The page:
Creating the contemporary look was costly, Hovnanian said. “Many things with a modern aesthetic are expensive. A simple doorstop in a Washington area house that sells for $700,000 to $800,000 is 98 cents; they were $15 in the Line K house,” he said. “The fireplace was 10 times more expensive than a typical fireplace in a three-quarters-of-a-million-dollar house.”
Creating the contemporary look was also time consuming. “We had to relook at every component of the house. Everything is different, even the air grilles,” Hovnanian said. To get exactly the right look, Hovnanian and Boon personally selected every product that went in the house, a vetting process that took a year, said Line K project manager Larry Gorman, who assembled hundreds of samples for their review.
Typically, the product selection process “takes no time at all because we select one of five preprogrammed specification levels,” Gorman said. But here, he explained, “Normal products was not the look they wanted.”
The freestanding, egg-shaped tubs in the master baths were made in England. The tall, narrow European-styled windows were manufactured by Andersen Windows specifically for this job. Even more prosaic items such as doors were custom-made to get ones that are exactly eight or 10 feet high.
Some of their choices were surprising. The dark flooring in all the models is not wood — it’s six-inch-wide laminate planking that looks like wood but costs less and performs better, Gorman said. Boon preferred the laminate to wood because, Gorman said, “he occasionally finds that the fake product looks more real than the real one.”
Does Hovnanian plan to expand the Line K idea to lower-priced segments of Washington’s market? He said he’s already considering townhouses that might sell for $500,000 and more affordable $700,000 single-family houses.
How should prospective buyers evaluate the very different Line K houses offered by K. Hovnanian Homes at Willowsford in Loudoun County?
They will surely compare them to houses of similar square footage and lot size that are offered by other production builders in the Grant quadrant of the Willowsford development. The Line K base price includes a finished basement, and some of the others do not. When this option is added in, buyers will note that the base prices of the Line K houses — $1.2 million to $1.29 million — are about $100,000 to $359,000 more than the others.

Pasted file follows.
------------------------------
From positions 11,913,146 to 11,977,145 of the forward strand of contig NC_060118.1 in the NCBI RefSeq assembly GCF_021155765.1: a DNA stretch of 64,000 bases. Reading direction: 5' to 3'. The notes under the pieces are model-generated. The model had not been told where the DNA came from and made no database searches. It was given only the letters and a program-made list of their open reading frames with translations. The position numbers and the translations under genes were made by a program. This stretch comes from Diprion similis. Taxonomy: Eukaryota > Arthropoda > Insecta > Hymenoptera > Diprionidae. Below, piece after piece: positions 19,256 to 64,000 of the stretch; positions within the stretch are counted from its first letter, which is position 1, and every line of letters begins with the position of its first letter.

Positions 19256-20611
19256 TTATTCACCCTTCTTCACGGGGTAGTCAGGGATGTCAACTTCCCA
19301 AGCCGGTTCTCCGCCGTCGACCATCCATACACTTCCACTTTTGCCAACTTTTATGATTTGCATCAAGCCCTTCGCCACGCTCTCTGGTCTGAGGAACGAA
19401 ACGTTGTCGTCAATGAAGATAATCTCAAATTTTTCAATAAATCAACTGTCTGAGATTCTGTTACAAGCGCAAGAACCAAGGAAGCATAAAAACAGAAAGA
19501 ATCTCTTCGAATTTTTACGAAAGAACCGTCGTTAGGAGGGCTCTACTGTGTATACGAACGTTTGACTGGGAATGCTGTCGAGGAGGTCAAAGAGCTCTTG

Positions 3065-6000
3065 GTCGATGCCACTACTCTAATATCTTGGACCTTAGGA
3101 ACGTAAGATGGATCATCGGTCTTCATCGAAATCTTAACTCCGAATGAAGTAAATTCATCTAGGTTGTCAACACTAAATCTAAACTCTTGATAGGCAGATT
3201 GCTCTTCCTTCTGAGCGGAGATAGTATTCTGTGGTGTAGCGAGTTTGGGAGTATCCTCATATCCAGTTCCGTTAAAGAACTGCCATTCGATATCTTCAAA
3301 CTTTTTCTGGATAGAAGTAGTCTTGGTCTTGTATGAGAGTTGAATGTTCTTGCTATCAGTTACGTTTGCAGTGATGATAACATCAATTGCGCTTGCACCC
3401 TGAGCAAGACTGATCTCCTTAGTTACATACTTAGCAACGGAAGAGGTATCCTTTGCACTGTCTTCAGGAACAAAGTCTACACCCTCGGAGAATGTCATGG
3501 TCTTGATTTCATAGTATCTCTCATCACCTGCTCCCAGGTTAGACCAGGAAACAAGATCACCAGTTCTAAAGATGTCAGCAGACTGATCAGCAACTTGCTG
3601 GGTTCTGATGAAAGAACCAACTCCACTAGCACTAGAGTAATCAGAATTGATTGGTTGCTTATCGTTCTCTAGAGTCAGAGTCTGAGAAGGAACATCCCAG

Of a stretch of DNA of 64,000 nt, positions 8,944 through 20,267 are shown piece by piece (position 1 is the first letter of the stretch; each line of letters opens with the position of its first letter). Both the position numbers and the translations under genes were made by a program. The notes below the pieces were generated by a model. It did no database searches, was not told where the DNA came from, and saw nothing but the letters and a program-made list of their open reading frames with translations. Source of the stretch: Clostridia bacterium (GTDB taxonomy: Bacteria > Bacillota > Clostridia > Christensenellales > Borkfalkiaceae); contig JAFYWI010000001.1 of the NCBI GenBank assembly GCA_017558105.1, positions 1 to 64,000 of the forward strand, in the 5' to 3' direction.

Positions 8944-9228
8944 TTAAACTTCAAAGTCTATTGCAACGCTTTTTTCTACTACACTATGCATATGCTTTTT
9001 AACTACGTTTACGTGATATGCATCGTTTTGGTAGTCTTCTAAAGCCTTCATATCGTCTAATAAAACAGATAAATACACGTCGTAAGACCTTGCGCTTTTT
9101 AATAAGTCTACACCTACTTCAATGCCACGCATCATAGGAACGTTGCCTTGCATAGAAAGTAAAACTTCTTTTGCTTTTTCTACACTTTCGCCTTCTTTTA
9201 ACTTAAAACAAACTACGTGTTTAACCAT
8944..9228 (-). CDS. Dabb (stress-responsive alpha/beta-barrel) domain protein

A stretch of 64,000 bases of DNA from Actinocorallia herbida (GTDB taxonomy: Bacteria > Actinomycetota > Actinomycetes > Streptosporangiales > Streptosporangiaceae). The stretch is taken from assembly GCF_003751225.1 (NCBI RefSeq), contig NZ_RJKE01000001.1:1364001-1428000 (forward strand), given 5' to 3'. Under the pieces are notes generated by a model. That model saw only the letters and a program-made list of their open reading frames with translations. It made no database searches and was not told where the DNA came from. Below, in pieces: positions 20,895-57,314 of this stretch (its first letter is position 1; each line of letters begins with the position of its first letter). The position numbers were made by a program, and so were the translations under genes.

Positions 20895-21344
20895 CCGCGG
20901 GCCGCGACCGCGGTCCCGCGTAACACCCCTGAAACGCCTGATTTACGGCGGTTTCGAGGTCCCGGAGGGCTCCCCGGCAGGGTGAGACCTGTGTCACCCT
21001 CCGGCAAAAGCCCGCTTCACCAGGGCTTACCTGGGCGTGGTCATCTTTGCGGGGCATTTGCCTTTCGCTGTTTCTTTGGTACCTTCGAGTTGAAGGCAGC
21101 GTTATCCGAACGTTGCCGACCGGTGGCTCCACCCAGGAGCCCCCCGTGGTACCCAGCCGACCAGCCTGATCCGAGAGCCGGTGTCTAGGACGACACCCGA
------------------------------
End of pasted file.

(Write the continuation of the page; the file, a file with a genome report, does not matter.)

In determining value, this is a logical comparison, but not the one that buyers should be making because the other houses are not remotely like the Line K ones, said Great Falls architect, land developer and former banker John Colby. In the Washington area, the only houses like these are one-of-a-kind, custom-built ones. To get one, you have to buy a lot, hire an architect to design it and a builder to construct it. The whole process takes at least two years, and it would cost twice as much as the Line K houses and probably a lot more. When you make this comparison, Colby said, “The Line K houses are a steal.”
Equally important, Colby said, by lowering the price of a carefully crafted contemporary-style house, Hovnanian has greatly expanded the pool of potential buyers both initially and for resale who want this style of house but can’t afford a custom-built home.
The market response so far seems to bear this out — the sales pace has been twice what the company expected, Ara Hovnanian said.
Even more surprising to observers of Washington’s home building industry is where the buyers now live. They are all coming from nearby communities and live in conventional, “traditional” styled homes, said Larry Gorman, Hovnanian’s project manager for Line K.
The buyers chose Loudoun County for its location and bought what was then available, but, clearly, Gorman said, “People in Ashburn have design sensibilities to homes that are much different from what they are living in.”
Katherine Salant has an architecture degree from Harvard. A native Washingtonian, she grew up in Fairfax County and now lives in Ann Arbor, Mich. If you have questions or column ideas, she can be contacted at email@example.com or www.katherinesalant.com.